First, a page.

and
 visitor relations.
Clearly some of these functions overlap and many are virtuallyindistinguishable from others. They become distinctive in the waysthat individuals, companies, and organizations regard a particularfunction relative to their own needs and objectives. Promotion, forexample, has evolved into a large area of practice that may or maynot be revenue generating, but raises the subject to a higher level of  visibility. Many of the functions listed include the creation, produc-22
Public Relations: The Complete Guide
 
tion, and publication of literature, research reports, surveys, audioand video materials, online programs, newsletters, posters, seminars,or workshops.Agencies may specialize in particular areas, such as financial re-lations, event management, or crisis communications, and a com-pany’s PR department will not necessarily require or desire the fullrange of capabilities or services listed above. It is important, however,to understand that not all experts in one discipline are experts inevery other aspect of public relations.Another misunderstanding about PR gained momentum in the1990s when the term s
 pin
came into common usage and eventuallybecame extremely popular in some media circles. The term was ap-plied to a practice by public relations people that was similar to theefforts of propagandists of another era who focused solely on pro-moting a particular doctrine or point of view, almost at any cost.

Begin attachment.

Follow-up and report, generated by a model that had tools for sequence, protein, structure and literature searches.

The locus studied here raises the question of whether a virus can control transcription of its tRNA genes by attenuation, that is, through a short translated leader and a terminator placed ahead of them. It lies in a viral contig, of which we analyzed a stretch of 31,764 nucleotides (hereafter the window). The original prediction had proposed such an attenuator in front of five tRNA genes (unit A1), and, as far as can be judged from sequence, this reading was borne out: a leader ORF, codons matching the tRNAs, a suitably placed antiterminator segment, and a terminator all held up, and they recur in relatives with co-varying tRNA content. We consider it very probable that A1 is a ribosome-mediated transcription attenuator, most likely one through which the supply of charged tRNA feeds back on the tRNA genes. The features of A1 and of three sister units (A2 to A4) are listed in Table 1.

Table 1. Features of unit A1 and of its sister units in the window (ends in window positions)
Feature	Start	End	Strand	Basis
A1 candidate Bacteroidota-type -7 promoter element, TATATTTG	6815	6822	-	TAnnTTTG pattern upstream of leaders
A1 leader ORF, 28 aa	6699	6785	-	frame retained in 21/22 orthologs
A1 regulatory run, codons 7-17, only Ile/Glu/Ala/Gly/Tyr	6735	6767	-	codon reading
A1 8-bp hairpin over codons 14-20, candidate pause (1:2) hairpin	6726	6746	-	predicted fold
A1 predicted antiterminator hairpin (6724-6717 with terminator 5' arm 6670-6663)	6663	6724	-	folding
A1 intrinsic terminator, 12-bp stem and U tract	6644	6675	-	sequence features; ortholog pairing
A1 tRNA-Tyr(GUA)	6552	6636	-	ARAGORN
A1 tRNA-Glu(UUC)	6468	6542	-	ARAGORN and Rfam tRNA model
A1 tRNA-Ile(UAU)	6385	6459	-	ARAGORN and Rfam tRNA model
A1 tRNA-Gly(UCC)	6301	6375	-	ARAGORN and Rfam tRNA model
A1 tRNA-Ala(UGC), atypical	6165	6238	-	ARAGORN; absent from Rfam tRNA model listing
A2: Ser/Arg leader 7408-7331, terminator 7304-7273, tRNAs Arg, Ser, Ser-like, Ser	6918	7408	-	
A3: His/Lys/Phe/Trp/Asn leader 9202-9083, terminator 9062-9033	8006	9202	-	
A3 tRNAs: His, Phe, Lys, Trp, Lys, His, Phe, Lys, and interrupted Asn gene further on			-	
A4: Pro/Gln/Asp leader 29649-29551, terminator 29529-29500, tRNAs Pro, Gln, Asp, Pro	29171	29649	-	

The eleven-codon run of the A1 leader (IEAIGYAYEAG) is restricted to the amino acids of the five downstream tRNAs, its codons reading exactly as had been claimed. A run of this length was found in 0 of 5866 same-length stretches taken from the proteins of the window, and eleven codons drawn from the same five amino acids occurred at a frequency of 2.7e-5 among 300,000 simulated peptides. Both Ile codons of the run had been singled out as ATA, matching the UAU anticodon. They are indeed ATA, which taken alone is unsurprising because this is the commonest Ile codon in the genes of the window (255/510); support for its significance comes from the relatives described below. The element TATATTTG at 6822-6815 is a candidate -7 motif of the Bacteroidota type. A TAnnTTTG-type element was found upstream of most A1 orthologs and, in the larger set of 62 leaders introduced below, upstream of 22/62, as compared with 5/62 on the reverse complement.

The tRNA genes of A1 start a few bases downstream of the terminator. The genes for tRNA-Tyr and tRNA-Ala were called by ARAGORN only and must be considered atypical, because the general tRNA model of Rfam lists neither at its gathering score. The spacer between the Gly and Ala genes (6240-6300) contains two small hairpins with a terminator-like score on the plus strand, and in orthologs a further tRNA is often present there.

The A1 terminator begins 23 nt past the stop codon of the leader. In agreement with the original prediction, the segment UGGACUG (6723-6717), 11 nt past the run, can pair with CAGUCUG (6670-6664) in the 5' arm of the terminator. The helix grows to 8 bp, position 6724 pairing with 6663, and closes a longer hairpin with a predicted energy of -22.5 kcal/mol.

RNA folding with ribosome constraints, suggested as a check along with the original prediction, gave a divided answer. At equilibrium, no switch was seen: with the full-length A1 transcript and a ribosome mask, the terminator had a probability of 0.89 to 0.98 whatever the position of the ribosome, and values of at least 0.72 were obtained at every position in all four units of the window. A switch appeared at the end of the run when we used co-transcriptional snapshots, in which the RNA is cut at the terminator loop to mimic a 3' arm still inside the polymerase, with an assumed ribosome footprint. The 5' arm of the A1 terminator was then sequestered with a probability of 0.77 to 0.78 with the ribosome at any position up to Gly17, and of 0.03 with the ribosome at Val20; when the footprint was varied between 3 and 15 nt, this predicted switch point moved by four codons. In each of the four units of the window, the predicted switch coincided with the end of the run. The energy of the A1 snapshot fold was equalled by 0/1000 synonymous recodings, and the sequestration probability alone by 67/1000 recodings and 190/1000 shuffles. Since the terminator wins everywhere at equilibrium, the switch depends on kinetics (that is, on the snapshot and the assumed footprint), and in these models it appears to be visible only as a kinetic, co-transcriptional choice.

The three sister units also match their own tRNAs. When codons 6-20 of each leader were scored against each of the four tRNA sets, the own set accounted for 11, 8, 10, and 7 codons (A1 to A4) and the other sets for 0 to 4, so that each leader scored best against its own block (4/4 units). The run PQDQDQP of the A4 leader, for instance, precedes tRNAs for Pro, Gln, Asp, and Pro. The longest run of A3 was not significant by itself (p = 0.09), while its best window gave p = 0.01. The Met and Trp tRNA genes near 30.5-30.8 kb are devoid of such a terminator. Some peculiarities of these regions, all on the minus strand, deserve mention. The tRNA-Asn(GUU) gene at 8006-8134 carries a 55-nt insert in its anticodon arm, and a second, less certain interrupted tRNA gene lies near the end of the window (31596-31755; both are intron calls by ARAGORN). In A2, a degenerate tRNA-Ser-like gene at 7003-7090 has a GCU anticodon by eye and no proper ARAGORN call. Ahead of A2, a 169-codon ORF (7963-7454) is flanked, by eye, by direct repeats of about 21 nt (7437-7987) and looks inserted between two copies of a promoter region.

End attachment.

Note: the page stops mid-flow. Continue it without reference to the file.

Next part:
Spin
is in fact just putting information in either a positive or negativelight, depending on the side of the issue the presenter is representing.There is nothing devious or sinister about it, though “the spinmeis-ters” and “spin doctors” were often referred to as if they were en-gaged in practicing a form of black magic.Yet another area of confusion has to do with lobbyists, who are inmany instances lawyers or experts on a particular subject, engaged inefforts to persuade regulators and legislators to support or oppose thecreation, expansion, or elimination of certain rules or laws. Typically,lobbyists refer to what they do as a form of public relations, which itis. Unfortunately, the only time the general public hears the term
lob-byist
used is when one is rumored to be exerting unreasonable pres-sure or alleged to have bribed public officials with bags of money or a junket to an island resort.The typical lobbyist tries to persuade bureaucrats by showingwhy a particular education subsidy or airport runway will be goodfor local constituents. Lobbyists are involved on both sides of mostmajor issues, urging or recommending consideration of changes re-garding health care, agriculture, transportation, energy, communica-tions, environmental matters, and most of the lesser issues as well.It’s not all about the heavy-handed wielding of extraordinary powerand huge campaign contributions in small, unmarked bills.
The Theory and Practice of Public Relations
23